Where Is Everyone Else?
I grumbled a little about representation issues last night while I was watching Band of Brothers, and Ian does raise the point that units were segregated at the time, which I was aware of. Last night, however, it just struck me as absurd that the 101st Airborne hasn't run into any of the segregated units. Not even mentioned! Or any Asians; I noticed this because someone was speaking Spanish
Now that I'm thinking about it, though, Band of Brothers focuses on Easy Company of the 101st pretty narrowly in general; D Company is only seen briefly once in the ones I've seen, and that's to steal their commanding officer to bring him to Easy Company. There's one episode where Easy Company rescues a group of British soldiers, but we only actually see the British in one brief scene afterwards. Only in this episode I was watching last night do we see German civilians for the first time.
My father also pointed out the usual American stereotype that concentration camps were filled with nothing but Jews. In Band of Brothers, when they liberate a Jewish work-camp (not a concentration camp), one of the Jews references Poles and Gypsies, but there's no mention of the disabled or homosexuals who were also sent.
Beauty In Tragedy
But of all the stereotypes that I wonder about in Band of Brothers, the one I wound up getting the most fired up about is the stereotype of a group of violinists playing sad string music while sitting on top of the rubble of the town they lived in. There's something about sentimental violin music that makes rampant destruction and chaos seem beautifully necessary.
I haven't figured out what primal itch in our brain slow motion and string music itches that it makes everything seem like it's the way it is supposed to be, but I happen to know that if you just show something happen with no special effects, it is far more brutal than if you put some sad violin music and frame everyone feeling sad.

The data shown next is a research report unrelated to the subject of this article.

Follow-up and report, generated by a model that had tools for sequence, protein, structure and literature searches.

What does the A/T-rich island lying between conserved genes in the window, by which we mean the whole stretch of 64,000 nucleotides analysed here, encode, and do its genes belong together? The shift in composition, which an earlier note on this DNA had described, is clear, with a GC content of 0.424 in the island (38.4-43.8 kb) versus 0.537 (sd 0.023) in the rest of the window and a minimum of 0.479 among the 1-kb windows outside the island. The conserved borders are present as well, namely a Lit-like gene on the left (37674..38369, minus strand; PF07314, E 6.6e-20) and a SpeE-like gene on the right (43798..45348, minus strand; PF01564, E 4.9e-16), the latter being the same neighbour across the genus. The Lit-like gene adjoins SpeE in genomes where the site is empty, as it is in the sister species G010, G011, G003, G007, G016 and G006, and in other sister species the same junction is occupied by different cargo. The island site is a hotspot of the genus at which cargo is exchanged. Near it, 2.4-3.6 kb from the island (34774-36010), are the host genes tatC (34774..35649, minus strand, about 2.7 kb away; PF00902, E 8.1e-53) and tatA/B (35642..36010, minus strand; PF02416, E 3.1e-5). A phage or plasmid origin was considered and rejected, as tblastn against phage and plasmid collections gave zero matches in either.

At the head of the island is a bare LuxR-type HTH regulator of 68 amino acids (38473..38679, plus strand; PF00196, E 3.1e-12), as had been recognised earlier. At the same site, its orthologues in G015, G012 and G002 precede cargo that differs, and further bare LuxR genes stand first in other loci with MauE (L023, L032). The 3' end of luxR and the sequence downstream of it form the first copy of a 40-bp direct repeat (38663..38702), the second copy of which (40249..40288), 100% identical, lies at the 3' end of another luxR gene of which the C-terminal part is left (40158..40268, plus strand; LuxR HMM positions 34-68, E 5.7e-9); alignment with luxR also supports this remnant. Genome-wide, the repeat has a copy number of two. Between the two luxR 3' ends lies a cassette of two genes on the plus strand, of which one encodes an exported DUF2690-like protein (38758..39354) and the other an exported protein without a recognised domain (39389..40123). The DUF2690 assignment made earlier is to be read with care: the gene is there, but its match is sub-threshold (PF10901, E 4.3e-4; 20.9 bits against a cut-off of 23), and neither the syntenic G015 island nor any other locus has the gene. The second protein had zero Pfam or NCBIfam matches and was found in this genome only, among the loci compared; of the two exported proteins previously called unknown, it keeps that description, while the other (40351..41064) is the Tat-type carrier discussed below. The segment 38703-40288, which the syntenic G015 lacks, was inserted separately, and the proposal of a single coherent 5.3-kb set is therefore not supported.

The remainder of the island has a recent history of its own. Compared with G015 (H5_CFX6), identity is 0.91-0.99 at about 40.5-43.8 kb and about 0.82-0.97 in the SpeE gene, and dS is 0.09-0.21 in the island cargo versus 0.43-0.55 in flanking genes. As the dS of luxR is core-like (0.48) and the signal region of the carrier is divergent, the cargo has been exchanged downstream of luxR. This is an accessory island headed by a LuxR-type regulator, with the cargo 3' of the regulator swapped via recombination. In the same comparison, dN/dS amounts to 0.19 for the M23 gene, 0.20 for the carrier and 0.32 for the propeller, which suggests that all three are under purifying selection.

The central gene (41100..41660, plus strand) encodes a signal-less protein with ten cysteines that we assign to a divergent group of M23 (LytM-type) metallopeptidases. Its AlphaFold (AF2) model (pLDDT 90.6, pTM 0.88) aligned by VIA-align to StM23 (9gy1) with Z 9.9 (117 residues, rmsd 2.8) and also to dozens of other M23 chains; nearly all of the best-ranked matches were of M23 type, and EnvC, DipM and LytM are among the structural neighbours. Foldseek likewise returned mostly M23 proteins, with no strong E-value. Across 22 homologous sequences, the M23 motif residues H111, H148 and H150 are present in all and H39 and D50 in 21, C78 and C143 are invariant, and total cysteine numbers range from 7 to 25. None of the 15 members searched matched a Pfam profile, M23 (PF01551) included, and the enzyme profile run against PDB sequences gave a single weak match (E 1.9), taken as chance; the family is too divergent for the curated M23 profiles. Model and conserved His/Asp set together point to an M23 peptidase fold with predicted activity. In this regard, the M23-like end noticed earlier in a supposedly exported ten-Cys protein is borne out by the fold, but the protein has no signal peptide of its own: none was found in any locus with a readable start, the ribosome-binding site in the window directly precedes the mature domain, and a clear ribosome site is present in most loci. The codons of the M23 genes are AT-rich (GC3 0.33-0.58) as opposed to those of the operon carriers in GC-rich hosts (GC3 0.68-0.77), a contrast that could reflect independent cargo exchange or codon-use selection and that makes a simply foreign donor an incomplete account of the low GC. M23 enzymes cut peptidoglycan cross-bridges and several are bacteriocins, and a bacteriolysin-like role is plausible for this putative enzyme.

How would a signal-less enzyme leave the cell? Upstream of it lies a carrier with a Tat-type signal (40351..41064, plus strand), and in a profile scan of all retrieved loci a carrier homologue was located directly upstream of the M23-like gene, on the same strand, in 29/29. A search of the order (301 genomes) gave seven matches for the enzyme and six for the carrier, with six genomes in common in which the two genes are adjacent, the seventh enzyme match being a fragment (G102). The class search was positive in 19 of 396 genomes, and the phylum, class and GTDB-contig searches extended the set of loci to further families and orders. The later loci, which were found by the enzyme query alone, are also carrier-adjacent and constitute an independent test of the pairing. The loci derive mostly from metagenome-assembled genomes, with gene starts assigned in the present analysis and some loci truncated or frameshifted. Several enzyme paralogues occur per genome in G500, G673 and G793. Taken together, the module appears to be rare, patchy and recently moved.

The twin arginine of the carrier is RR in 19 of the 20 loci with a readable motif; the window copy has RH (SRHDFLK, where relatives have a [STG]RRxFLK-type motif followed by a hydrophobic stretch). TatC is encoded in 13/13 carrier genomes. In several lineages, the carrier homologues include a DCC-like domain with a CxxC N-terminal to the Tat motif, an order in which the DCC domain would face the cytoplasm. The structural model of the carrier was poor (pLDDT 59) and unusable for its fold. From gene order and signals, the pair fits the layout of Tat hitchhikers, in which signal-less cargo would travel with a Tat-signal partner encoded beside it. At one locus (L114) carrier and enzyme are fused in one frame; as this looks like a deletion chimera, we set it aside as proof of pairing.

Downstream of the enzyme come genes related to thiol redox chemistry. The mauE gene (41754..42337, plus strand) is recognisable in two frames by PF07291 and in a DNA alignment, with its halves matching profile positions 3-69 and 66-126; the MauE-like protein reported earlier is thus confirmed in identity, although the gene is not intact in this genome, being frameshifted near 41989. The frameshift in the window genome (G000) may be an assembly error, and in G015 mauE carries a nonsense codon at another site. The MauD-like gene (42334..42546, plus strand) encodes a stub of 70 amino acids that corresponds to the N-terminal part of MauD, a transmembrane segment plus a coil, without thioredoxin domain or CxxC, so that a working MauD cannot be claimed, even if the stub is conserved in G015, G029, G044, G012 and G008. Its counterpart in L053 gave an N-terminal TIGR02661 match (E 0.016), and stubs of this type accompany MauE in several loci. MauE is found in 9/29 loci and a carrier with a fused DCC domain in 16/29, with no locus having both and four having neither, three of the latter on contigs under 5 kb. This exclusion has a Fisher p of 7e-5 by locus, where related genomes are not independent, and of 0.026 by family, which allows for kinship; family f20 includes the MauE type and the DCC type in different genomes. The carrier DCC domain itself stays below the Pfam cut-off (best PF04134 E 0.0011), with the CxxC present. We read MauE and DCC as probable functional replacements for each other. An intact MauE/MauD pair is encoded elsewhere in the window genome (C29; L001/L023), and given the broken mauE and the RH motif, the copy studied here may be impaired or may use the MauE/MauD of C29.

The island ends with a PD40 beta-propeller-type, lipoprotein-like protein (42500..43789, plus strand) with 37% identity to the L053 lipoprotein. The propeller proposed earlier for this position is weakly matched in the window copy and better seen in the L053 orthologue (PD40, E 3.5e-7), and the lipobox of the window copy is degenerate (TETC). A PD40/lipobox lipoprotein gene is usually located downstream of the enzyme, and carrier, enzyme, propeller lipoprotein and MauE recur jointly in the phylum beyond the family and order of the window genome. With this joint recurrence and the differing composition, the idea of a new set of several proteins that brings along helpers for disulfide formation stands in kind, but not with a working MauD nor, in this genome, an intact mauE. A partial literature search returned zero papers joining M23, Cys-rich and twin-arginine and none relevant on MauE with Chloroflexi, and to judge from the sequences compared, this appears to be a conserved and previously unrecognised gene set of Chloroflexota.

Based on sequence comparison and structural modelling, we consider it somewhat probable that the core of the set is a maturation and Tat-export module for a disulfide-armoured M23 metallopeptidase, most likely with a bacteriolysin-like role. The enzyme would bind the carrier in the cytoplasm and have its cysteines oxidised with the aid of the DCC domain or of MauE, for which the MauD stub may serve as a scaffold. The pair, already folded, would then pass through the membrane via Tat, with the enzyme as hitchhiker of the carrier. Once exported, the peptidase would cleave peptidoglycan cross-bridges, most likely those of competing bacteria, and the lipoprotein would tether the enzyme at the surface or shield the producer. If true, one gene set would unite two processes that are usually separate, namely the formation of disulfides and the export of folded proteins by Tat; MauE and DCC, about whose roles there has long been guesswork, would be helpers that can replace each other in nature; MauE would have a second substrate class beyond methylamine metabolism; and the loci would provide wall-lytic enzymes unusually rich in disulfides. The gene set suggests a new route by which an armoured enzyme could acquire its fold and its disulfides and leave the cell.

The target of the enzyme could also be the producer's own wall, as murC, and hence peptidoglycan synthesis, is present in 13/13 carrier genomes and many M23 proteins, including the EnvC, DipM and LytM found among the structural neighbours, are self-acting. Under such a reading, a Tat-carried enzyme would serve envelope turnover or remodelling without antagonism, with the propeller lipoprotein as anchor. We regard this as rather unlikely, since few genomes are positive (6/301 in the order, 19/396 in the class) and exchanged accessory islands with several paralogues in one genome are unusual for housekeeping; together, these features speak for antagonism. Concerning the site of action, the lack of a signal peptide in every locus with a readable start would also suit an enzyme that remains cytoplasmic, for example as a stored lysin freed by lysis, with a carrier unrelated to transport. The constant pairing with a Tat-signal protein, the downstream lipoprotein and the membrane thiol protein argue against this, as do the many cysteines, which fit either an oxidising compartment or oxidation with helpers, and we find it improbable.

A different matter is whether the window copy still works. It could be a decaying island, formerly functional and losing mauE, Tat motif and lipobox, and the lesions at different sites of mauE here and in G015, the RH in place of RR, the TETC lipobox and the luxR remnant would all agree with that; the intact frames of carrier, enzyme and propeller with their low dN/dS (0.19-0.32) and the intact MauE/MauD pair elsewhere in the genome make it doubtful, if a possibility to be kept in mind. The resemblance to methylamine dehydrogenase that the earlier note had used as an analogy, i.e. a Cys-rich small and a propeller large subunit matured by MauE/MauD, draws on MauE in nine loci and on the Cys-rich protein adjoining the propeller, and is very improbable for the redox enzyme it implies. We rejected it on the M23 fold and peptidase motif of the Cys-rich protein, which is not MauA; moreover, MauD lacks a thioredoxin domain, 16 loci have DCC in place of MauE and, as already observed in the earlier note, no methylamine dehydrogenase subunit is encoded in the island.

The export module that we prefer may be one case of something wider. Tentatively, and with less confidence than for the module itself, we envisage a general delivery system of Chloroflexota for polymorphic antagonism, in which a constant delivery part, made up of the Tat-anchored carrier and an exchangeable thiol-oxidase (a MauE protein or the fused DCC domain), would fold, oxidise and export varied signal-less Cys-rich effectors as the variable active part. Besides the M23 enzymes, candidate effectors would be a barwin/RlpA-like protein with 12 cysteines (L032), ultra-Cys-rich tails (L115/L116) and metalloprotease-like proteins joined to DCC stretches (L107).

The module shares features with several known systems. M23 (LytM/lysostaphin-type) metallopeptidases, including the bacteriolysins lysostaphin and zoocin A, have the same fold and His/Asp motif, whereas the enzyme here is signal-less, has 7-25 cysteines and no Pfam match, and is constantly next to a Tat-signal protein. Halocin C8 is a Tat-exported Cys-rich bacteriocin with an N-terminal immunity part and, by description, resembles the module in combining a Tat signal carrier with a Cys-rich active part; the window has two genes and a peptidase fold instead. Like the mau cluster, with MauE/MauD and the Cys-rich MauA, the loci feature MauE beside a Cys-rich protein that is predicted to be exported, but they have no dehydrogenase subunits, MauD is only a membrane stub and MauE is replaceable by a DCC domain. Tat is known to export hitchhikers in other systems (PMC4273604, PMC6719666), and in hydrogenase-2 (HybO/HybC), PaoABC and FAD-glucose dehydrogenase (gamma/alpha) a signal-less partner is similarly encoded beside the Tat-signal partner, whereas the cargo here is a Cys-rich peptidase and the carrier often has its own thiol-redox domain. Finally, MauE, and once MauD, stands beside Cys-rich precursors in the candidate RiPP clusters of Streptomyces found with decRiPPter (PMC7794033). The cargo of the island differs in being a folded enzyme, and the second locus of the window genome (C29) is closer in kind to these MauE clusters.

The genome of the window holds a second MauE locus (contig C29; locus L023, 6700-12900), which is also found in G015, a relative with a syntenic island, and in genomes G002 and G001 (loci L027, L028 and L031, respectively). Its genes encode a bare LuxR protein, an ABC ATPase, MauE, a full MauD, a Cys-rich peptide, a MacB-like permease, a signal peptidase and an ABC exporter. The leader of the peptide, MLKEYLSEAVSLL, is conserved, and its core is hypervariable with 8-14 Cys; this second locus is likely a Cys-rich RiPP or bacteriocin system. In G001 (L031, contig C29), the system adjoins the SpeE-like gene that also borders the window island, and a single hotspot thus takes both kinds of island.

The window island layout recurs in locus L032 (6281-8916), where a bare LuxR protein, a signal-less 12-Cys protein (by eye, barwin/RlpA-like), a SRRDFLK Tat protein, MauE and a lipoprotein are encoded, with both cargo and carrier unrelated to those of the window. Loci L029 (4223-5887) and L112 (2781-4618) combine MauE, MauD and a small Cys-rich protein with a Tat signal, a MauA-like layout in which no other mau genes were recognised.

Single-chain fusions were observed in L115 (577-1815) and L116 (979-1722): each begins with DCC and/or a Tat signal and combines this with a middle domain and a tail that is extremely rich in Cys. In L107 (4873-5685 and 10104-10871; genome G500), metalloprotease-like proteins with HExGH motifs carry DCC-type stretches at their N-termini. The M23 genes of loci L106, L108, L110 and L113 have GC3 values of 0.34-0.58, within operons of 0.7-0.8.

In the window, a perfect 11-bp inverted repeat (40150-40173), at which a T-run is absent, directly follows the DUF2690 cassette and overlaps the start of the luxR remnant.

No, not the exceptional history book by Tony Judt (which by the way tackles the catastrophic homogenization that happened before, during, and after World War Two).
The one question that watching Band of Brothers raised in my mind is, how did these people's lives progress after the war? One of the interviews with the real-life 101st Airborne members talked about how he even today couldn't stop going back to the Battle of the Bulge in his mind.
That's why I'm really happy about the decision to continue making Foyle's War despite the fact that the war ended at the end of the last season. There are TV characters who are soldiers, and TV characters who are veterans, but rarely do we get to see the character's war experiences, and then see the characters try to return to the world as it was. Foyle's War, however, is going to have a very different story to tell than, say, a Band of Brothers that continues past the end of the war; for Britain, World War Two was a nationally shared experience; in the United States, World War Two was shared among veterans, but had a very different impact on the civilian population.
Just as American war films/TV often compartmentalize the US Military, shutting out the other forces that are at war with us, so do they also often compartmentalize the experience of war; as though soldiers start existing the moment they show up at training, and dematerialize at the end of it.